I live in a flat of 5 people, where we share 2 toilets and 1 shower, as well as a communal area/kitchen. I hadn’t met any of these people before I moved in, but they are all lovely, and come from all around the world (Bournemouth, Greece, Thailand and Vietnam) so there is always some interesting food being cooked in the kitchen! Easton is in Jesmond, which is a nice area with cafes, bars and restaurants and there is always something to do there."

Living in Newcastle

"Newcastle is a relatively small city, so it is easy to navigate around and it’s relatively hard to get lost. The city centre boasts an amazing nightlife including bars, clubs and pubs which are all cheap and I have had some of my best nights out here. There’s also a wide range of cafes, shops, leisure parks, bowling alleys, cinemas and theatres to diversify your social life. Newcastle is relatively close to the beach as well, so days out to the beach are relatively frequent. It is also a stone’s throw away from other big and historical cities (like York and Edinburgh), so it is good if you want to travel to different parts of the UK. I have had a few friends to come and visit Newcastle, as there is a lot of hype surrounding it, and none of them have been disappointed!"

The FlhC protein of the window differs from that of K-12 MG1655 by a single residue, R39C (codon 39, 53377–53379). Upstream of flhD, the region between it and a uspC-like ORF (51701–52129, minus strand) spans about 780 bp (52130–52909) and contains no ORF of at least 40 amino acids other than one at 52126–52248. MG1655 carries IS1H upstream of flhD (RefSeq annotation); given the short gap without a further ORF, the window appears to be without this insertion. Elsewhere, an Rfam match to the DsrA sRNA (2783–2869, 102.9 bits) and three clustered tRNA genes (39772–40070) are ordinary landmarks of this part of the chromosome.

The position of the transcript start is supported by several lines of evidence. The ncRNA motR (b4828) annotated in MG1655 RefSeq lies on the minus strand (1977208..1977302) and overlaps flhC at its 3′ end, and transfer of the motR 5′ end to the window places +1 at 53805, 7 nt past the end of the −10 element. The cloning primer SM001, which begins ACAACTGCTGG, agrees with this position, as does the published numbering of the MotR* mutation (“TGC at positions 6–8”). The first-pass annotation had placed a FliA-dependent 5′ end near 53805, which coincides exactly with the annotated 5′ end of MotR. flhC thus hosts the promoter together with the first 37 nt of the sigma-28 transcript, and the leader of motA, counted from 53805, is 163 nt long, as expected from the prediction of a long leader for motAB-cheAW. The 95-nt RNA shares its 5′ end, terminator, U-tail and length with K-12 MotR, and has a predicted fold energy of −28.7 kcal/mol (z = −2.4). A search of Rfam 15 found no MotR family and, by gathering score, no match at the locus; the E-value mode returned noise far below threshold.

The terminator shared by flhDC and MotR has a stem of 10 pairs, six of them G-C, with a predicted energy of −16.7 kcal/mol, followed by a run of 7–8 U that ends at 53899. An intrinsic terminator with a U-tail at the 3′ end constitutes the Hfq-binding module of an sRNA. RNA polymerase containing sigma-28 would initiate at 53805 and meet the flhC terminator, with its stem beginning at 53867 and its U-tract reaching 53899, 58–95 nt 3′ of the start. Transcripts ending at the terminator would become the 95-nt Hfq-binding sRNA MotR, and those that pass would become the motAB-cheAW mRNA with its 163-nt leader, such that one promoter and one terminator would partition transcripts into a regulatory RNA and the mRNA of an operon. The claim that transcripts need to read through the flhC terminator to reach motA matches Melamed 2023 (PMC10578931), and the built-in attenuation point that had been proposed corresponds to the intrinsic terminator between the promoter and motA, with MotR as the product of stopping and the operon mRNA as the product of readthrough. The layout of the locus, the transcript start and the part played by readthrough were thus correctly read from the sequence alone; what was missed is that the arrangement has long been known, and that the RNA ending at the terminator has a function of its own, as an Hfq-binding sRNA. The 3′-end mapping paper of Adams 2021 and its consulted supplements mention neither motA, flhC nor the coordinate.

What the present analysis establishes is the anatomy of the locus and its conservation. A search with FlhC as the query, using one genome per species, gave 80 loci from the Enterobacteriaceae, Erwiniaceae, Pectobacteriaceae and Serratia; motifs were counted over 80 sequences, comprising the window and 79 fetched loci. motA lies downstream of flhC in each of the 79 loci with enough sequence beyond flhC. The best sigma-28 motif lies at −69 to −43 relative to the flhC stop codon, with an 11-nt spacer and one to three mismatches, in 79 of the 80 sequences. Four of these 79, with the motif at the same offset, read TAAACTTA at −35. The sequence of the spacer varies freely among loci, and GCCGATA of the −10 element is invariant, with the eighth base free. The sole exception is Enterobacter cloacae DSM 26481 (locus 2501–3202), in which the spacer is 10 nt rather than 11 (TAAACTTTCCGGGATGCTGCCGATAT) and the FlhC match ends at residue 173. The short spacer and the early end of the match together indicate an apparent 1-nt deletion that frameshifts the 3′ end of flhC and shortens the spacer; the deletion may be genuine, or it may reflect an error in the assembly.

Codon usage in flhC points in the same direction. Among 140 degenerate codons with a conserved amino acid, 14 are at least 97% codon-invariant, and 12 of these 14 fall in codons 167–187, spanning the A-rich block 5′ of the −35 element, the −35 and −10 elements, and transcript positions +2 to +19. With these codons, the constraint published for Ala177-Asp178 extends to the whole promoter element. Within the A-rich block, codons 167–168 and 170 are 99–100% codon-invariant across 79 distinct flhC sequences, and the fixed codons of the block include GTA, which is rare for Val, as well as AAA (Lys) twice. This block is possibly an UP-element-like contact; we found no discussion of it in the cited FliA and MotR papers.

Remembering Newcastle

"So far, it has to have been the people that I have met. Everyone is genuinely so friendly, and come from all walks of life and every corner of the world. It’s a diverse community which works well, and everyone interacts and learns from each other in a way that I have never had before.

"Academically, it was probably the first time I had handed in some written work which I was actually proud of, and I felt was original and could contribute something new to my field. There’s a strong emphasis on originality in research and the sense of personal achievement and pride because of this are nothing beyond compare."


"I would definitely say come for an open day or a visit and really see for yourself. Newcastle is not something that you can really read about, you have to experience it."